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I’ve been a strong advocate for open data over the past decade or so. This started out with library data: influenced by the frustration of trying to create a library finder but discovering that the information sector didn’t publish any public data to support it.

It moved into a more professional role. Working in a local council to release lots of open data, I saw how it transformed insight into local public services, and became hugely influential in how a local authority could operate.

At a wider level, you start to appreciate how open data is essential in day-to-day life, though often invisible. For example, our current transport infrastructure would be dysfunctional (or at least far more dysfunctional than it is) without open data.

Being passionate about library services, it makes perfect sense to also be passionate about open library data. It’s easy to look at public library services and see how a lack of data, and specifically open data, is holding back the sector. In almost every single project, local or national, big or small, technical or non-technical, the lack of open data is a barrier to progress, insight, and making the most of that project.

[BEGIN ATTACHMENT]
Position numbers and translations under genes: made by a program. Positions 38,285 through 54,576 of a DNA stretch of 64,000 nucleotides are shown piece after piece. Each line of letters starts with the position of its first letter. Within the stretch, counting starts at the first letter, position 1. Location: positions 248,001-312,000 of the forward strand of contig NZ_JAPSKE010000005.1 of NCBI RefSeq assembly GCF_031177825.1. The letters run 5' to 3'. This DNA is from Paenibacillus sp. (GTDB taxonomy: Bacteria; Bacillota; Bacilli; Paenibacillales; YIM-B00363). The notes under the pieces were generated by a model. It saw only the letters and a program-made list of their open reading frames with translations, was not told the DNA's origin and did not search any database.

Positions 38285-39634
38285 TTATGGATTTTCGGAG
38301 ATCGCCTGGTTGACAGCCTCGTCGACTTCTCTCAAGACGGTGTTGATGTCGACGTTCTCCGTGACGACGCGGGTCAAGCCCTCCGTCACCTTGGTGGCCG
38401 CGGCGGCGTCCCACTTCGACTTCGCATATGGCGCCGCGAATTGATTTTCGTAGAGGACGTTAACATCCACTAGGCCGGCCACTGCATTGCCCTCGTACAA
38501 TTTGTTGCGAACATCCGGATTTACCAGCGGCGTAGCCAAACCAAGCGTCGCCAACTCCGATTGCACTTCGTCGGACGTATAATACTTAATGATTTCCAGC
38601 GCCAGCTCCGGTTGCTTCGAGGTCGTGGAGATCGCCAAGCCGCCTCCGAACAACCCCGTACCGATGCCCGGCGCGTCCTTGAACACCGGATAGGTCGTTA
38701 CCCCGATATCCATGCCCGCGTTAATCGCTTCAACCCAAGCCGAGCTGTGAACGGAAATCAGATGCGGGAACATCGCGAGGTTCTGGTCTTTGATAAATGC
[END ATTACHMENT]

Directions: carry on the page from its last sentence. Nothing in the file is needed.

Sometimes it seems there is an antagonistic attitude to open data, or at least a strong mistrust from within the sector. This is a problem, but will disappear in time as general attitudes change and roles change. But the wider problem is a lethargy and a lack of deeper understanding. The overriding attitude is that sure, open data would be good (yay for transparency!), but we’re pretty busy at the moment, and don’t really have the time to think about it.

This is where I think the role of the open data advocacy is so important. It’s not about trying to convince people that open data is just ‘a good thing’, it’s about explaining that public libraries can’t operate effectively without it, and aren’t at the moment. That’s not being overly critical, there are other major issues holding back the sector: funding, staffing, training. But open data is one that is actually relatively cheap to fix. Not doing it is the equivalent of someone offering to double the library funds but the head of service saying “no, go away please, I don’t have the time to think about that right now”.